Type II collagen is the major structural component of secondary vitreous, comprising 70% of the total protein content.11 As vitreous is largely inert and detected at an early stage of embryogenesis, COL2A1 mutations might be expected to produce congenital and permanent abnormalities of the vitreous gel. The findings of the present report would support this with 13 of 14 cases having a highly abnormal vitreous appearance. In those patients exhibiting the membranous anomaly on slit‐lamp examination the vitreous changes were indistinguishable from those seen in type 1 Stickler syndrome. Different diagnoses on the type II collagenopathy spectrum cannot be separated on the basis of ophthalmoscopy.

The exception to the finding of abnormal vitreous with a COL2A1 mutation was also unusual for being the only child who was hypermetropic rather than myopic (patient number 10). This mutation did not appear to result in a milder systemic phenotype (table 22).). A possible explanation in this individual is mosaicism resulting in a characteristic skeletal phenotype for a type II collagenopathy and with expression of the mutated allele in peripheral blood cells from which the mutation was identified, but normal COL2A1 expression in ocular tissue. When investigating sporadic cases it is difficult to ascertain the presence of mosaicism and this could also be an explanation for the lack of a membranous anomaly in some of the cases with an abnormal appearance to the vitreous.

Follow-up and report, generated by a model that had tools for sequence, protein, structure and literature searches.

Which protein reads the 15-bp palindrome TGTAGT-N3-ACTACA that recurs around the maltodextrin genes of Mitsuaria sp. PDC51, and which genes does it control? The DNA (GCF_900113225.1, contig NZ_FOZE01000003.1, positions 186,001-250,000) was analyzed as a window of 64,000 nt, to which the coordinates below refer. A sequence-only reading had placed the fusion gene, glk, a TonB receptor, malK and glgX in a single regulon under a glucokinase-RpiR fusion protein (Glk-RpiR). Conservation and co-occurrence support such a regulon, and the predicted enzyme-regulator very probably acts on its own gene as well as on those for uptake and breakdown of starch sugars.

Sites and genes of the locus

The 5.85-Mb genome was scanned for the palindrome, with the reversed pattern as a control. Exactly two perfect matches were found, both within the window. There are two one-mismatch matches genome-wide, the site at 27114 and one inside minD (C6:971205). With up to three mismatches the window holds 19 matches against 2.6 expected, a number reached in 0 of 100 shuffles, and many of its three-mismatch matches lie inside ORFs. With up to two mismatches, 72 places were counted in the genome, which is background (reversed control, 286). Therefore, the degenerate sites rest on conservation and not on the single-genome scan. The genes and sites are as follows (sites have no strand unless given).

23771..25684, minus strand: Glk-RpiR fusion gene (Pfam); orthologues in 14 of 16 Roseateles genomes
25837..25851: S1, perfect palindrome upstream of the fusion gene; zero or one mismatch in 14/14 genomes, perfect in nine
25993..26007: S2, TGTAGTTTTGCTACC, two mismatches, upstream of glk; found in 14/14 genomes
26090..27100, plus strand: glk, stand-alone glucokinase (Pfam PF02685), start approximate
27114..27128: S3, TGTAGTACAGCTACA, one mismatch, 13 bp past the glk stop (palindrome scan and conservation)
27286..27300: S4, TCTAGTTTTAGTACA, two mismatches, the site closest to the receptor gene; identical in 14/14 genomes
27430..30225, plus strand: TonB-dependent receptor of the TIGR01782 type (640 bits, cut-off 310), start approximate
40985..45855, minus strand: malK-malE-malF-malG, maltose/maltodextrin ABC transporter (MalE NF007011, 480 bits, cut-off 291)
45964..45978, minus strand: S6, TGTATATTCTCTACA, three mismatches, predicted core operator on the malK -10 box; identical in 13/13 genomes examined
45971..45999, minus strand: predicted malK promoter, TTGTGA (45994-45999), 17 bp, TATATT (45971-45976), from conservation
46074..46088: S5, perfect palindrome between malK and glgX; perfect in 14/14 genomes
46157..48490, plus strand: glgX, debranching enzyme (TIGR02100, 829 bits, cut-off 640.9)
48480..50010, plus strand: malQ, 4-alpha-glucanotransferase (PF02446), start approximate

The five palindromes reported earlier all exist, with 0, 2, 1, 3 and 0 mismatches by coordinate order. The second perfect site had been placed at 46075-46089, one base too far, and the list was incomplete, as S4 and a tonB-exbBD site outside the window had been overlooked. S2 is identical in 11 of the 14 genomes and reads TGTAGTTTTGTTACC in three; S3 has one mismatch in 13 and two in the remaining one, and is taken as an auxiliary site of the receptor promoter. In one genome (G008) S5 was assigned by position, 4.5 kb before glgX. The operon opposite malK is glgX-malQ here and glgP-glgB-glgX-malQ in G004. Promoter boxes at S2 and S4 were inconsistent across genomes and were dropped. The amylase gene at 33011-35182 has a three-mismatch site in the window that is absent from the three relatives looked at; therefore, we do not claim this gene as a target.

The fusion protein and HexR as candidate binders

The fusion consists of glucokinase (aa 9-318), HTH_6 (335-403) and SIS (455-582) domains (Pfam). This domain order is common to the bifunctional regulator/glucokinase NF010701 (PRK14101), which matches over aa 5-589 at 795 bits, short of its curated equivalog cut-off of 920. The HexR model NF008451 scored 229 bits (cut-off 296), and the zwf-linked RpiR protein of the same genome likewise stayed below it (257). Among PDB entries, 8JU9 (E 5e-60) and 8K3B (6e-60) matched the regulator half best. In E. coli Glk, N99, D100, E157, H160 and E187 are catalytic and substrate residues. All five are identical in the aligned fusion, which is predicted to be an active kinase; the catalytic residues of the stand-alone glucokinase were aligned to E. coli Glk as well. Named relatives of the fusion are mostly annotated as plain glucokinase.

We have found the degree of myopia associated with bone dysplasias resulting from a COL2A1 mutation to be moderate and not associated with significant astigmatism. This is in contrast to the higher myopia (mean −15.00 D) described in the other case series of Kniest dysplasia5 and the typically high myopia that is associated with type I Stickler syndrome.3 Two cases of Kniest dysplasia associated with high myopia have been reported in which axial length was abnormally long.12 The reason why a COL2A1 mutation should cause myopia has not yet been ascertained. Type II collagen has not been found in human sclera or cornea but may yet be found to have a structural role in ocular tissues.13,14,15 Alternatively, there is some evidence that the vitreous body plays a role in the early regulation of eye size16 and the development of myopia may be related to the abnormalities of the vitreous humour.